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Title: Nation, England and the French in Thomas Walsingham's Chronica Maiora 1376-1420
Author: Linsley, Christopher
ISNI:       0000 0004 5921 9656
Awarding Body: University of York
Current Institution: University of York
Date of Award: 2015
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This thesis examines the construction and presentation of nationhood and national identity in the contemporaneous Chronica Maiora of Thomas Walsingham (covering 1376-1420, written c.1381-1420). Taking as its premise the continued vitality and importance of late medieval English Latin-language texts in the construction of English nationhood, this thesis aims to partially redress the imbalance in modern scholarship of the period toward English-language texts and the resulting neglect of Latin-language works. This thesis argues for the existence of a vibrant and complex form of national identity and sentiment within Walsingham’s chronicle, informed by both contemporary trends of opinion and various scholarly and historiographical traditions. In this Walsingham can be located within a wide-ranging, clerical-monastic, Latinate discourse of late medieval Englishness which has been relatively neglected by modern scholarship. Specifically this thesis examines a number of key issues surrounding Walsingham’s construction of nationhood and English national identity. First the definitions of nationhood found in the Chronica are analysed, seeking to unpick Walsingham’s underlying beliefs and assumptions regarding what constituted a national community. Second Walsingham’s presentation and stereotyping of national groups is examined, in particular the setting-up of ‘Others’ and the significance of the idea of ancient Rome within Walsingham’s construction and glorification of England. Third the treatment of foreigners or ‘aliens’ in the Chronica is discussed, particularly the way in which Walsingham used such individuals as a vehicle with which to reflect upon and critique the English themselves. Throughout the thesis too the ambiguous but important place of the French within Walsingham’s vision of Englishness is examined in depth. In Walsingham’s text the French were not simply an enemy or a straightforward Other but were presented in rather integral but variable or even conflicted ways, reflective of the variable political and cultural position the French occupied for the English in this period.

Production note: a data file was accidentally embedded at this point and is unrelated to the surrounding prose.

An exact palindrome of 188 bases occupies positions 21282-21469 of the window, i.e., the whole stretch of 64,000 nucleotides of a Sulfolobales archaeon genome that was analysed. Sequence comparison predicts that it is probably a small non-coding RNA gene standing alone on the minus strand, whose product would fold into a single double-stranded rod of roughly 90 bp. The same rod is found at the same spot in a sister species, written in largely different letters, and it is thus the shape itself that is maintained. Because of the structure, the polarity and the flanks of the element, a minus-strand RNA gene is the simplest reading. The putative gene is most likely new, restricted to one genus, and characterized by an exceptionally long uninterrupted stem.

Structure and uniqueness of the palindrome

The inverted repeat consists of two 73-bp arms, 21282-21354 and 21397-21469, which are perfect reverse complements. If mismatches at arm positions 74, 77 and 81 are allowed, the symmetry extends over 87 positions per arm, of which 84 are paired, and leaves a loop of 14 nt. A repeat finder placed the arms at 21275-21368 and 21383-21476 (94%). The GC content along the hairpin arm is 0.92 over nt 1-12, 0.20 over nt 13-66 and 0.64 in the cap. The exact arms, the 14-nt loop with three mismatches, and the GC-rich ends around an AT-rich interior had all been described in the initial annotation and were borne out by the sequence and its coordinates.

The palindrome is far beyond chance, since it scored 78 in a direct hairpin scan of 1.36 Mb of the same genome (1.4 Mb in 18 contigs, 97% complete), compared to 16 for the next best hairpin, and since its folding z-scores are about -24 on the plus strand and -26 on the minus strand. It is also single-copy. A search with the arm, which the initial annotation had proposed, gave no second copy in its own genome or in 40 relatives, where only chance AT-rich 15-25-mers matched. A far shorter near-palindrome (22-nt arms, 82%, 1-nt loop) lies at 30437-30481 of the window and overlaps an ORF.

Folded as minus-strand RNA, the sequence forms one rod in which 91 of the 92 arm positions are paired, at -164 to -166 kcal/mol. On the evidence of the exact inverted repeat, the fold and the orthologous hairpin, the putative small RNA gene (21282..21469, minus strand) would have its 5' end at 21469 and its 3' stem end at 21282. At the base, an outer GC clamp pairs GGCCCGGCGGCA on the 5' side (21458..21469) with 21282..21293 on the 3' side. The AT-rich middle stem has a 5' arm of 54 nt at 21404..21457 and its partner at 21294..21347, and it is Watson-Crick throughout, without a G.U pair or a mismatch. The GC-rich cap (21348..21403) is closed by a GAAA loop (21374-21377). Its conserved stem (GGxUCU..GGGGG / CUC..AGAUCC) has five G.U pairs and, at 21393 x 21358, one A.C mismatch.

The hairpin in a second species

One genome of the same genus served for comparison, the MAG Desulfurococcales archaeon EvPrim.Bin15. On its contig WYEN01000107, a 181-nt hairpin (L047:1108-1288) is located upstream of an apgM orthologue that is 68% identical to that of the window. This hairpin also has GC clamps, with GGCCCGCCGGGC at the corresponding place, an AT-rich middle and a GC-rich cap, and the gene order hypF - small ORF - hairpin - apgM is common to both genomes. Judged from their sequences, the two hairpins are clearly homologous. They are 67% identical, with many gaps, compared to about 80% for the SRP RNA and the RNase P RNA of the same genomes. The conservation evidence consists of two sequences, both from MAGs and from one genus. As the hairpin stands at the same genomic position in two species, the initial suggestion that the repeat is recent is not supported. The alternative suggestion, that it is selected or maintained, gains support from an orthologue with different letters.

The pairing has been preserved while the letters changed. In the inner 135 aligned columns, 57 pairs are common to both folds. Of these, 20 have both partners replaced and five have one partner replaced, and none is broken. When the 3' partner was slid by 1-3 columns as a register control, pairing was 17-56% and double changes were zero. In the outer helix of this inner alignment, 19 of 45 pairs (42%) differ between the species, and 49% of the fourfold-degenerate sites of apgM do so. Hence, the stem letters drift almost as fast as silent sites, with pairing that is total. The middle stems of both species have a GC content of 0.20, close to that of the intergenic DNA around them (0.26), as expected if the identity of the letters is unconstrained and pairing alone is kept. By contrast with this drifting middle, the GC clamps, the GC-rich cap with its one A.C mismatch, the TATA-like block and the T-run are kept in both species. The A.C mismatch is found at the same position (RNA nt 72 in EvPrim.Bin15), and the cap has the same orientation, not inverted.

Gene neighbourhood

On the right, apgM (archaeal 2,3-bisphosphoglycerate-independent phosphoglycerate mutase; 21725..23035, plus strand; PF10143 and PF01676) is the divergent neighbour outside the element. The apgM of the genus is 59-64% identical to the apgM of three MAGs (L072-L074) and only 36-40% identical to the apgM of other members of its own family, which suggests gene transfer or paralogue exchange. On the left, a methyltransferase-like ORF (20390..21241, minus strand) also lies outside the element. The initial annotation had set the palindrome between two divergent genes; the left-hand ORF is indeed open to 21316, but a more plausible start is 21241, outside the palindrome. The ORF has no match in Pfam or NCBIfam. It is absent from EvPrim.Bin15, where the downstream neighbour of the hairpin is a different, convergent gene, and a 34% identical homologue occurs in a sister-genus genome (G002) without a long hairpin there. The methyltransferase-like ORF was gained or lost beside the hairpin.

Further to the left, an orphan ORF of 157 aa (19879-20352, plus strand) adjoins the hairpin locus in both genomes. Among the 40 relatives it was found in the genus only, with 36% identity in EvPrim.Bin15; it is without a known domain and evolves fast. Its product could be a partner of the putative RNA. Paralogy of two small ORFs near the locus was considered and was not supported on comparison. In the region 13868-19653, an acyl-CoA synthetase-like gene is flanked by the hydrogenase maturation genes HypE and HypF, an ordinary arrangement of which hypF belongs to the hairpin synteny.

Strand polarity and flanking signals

Supervisor: Taylor, Craig Sponsor: Not available
Qualification Name: Thesis (Ph.D.) Qualification Level: Doctoral
EThOS ID:  DOI: Not available